Will Lowering My Credit Card Limit Hurt My Credit Score?

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Welcome to the “2-Minute Money Manager,” a short video feature answering money questions submitted by readers and viewers.

Today’s question is about credit scores; specifically, whether lowering your credit limit could hurt your credit score.

Watch the following video, and you’ll pick up some valuable info. Or, if you prefer, scroll down to read the full transcript and find out what I said.

You also can learn how to send in a question of your own below.

For more information, check out “7 Ways to Boost Your Credit Score Fast” and “How I Got a Perfect Credit Score in 4 Steps” You can also go to the search at the top of this page, put in the words “mortgage” or “credit union” and find plenty of information on just about everything relating to this topic.

And if you need anything from tips on finding help with debt to finding the best financial advice, be sure and visit our Solutions Center.

Got a question of your own to ask? Scroll down past the transcript.

Don’t want to watch? Here’s what I said in the video

Hello, and welcome to your “2-Minute Money Manager.” I’m your host, Stacy Johnson, and this answer is brought to you by Money Talks News, serving up the best in personal finance news and advice since 1991.

Today’s question comes from Felicia:

“I recently paid off a credit card with a limit of $10,000, and asked the credit card company to lower my limit to $2,000. Will this hurt my FICO score?”

OK, Felicia, let’s discuss.

The short answer to your question, Felicia, is yes, it could. But unless you’ll soon be in the hunt for a mortgage or other loan, it may not matter all that much.

Let’s take a look at the logic behind that answer. It has to do with your “credit utilization ratio.”

Higher credit utilization ratio = lower credit score

“Credit utilization ratio” is a $2 term for a 50 cent concept. It’s simply the amount of credit you’re using compared to how much you have available. For example, if you’ve got a credit card with a $10,000 limit, and your balance is currently $3,000, you’re using 30% of your available credit. So, your credit utilization ratio is 30%.

The most widely used credit score, the FICO score, penalizes those using too much of their available credit. This makes sense: Nobody wants to lend money to someone up to their eyeballs in debt. So, keeping your credit utilization ratio low by not using all your available credit is a good idea.

Most experts suggest keeping your credit utilization ratio under 30%.

So, now that we know that, it’s time to ask Felicia a question: Are you going to continue using your credit card? If so, will you be charging more than $600 on it? That’s 30% of your $2,000 credit limit. If you’re going to carry a balance of more than $600, your credit utilization ratio will be more than 30%, and that could ding your credit score.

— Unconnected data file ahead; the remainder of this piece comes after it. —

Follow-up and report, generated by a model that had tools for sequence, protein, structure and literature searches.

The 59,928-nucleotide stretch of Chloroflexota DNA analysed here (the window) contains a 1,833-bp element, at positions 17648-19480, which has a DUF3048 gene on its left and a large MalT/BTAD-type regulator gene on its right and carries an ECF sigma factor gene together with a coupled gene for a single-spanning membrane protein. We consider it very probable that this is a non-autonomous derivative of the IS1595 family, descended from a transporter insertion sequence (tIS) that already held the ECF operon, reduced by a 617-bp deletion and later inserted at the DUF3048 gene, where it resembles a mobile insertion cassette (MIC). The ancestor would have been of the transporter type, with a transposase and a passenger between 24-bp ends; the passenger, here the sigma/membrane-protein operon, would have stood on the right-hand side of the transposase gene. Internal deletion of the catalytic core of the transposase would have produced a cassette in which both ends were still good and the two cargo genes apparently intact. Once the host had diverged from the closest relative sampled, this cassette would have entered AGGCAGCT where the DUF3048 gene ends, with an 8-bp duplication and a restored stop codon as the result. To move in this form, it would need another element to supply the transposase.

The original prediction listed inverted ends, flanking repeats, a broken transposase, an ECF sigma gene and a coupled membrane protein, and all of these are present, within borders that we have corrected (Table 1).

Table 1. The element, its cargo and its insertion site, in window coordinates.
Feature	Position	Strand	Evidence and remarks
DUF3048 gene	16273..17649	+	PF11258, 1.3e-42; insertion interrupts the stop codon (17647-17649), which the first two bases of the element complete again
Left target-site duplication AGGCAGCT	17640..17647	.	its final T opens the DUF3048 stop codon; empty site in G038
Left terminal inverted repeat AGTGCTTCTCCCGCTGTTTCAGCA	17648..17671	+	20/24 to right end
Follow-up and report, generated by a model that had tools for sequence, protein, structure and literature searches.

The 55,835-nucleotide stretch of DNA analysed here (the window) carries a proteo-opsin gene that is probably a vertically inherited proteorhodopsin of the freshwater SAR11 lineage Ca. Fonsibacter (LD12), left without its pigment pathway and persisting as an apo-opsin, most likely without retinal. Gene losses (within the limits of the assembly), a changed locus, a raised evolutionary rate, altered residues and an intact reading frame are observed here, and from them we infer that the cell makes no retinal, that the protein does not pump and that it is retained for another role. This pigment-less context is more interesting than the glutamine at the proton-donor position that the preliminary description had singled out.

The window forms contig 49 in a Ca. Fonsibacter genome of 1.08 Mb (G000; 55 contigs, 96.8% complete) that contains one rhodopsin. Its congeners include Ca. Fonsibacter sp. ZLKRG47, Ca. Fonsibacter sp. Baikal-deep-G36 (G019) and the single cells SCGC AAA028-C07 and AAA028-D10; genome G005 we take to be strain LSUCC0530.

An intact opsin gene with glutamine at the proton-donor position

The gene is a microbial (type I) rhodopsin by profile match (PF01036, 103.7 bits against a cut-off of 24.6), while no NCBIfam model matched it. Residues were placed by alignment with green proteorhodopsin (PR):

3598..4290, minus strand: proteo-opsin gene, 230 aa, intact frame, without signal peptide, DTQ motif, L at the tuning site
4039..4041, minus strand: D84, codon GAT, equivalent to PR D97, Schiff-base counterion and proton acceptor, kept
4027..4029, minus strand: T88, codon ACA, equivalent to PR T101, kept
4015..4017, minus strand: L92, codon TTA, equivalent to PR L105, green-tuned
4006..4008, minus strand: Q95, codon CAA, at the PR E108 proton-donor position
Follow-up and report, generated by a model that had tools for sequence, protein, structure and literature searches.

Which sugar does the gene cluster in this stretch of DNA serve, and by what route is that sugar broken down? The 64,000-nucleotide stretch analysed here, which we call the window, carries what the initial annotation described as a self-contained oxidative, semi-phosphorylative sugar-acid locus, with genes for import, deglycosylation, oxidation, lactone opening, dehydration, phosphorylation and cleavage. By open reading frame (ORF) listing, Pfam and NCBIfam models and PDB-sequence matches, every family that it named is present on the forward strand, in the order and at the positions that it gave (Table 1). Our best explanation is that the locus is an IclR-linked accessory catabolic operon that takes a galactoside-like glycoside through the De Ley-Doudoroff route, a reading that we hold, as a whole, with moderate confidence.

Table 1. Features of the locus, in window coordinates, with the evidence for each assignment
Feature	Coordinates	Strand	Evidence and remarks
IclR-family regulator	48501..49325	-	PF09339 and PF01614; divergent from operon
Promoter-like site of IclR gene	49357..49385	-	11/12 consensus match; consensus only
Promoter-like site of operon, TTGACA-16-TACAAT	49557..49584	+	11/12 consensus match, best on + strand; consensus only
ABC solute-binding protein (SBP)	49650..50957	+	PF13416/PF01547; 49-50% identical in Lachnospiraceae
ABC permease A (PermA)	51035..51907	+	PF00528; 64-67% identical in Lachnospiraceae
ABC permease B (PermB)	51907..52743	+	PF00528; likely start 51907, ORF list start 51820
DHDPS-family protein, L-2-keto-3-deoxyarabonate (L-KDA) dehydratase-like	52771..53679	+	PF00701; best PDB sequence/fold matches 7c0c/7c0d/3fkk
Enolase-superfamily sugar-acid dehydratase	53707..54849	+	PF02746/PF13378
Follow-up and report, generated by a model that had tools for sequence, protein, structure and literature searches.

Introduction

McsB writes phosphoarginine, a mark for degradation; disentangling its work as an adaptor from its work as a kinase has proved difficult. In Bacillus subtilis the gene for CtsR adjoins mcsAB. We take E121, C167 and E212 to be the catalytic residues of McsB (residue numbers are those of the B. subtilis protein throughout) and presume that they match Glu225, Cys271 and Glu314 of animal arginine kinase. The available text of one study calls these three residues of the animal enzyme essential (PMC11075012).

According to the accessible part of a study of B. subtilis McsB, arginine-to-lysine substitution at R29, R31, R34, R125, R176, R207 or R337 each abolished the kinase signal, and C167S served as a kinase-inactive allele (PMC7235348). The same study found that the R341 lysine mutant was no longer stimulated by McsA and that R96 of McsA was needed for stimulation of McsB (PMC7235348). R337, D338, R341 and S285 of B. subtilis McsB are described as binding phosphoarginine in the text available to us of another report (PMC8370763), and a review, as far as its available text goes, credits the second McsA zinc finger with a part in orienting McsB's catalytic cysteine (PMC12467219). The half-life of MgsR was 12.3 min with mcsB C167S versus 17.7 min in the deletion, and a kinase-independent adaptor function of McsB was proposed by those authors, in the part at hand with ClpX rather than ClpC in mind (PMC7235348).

Keep in mind that it may not matter if you pay your card off at the end of the month. Since your credit score could be pulled randomly at any time, merely having a balance bigger than $600 could theoretically hurt your score.

How much damage would it do? Utilization ratios, along with the total amount you owe, make up about 30% of your credit score. So, that’s a pretty big deal. Other things included in your score are the length of your credit history, your credit mix and, of course, your payment history.

But now I need to ask Felicia another question: Felicia, why did you lower your credit limit? If the answer is, “No reason, really,” then I’d probably suggest she move it back up to $10,000 and keep her utilization ratio as low as possible.

But what if Felicia said, “The reason I lowered it is because that high limit got me into a bunch of debt trouble. I don’t ever want that to happen to me again.”

If that’s the case, I’d say to keep your limit where it is and simply try not to use your card. Why? Because being in too much debt sucks. And if you find you can’t handle the temptation of a $10,000 credit line, fine. Screw all this nonsense. Do what you need to do to protect yourself.

Hope that answers your question, Felicia. Now, what about you? Got a question of your own to ask? Then do what Felicia did: Simply hit “reply” to any Money Talks email newsletters and fire away. I can’t answer every question, but I do my best.

And if you’re not getting our newsletter? Fix that right now by going to Money Talks News and subscribing. It’s free, takes five seconds and will absolutely, positively make you richer.

I’m Stacy Johnson. See you here next time!

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The questions I’m likeliest to answer are those that come from our members. You can learn how to become one here. Also, questions should be of interest to other readers. In other words, don’t ask for super-specific advice that applies only to you. And if I don’t get to your question, promise not to hate me. I do my best, but I get a lot more questions than I have time to answer.

About me

I founded Money Talks News in 1991. I’m a CPA, and I’ve also earned licenses in stocks, commodities, options principal, mutual funds, life insurance, securities supervisor and real estate.

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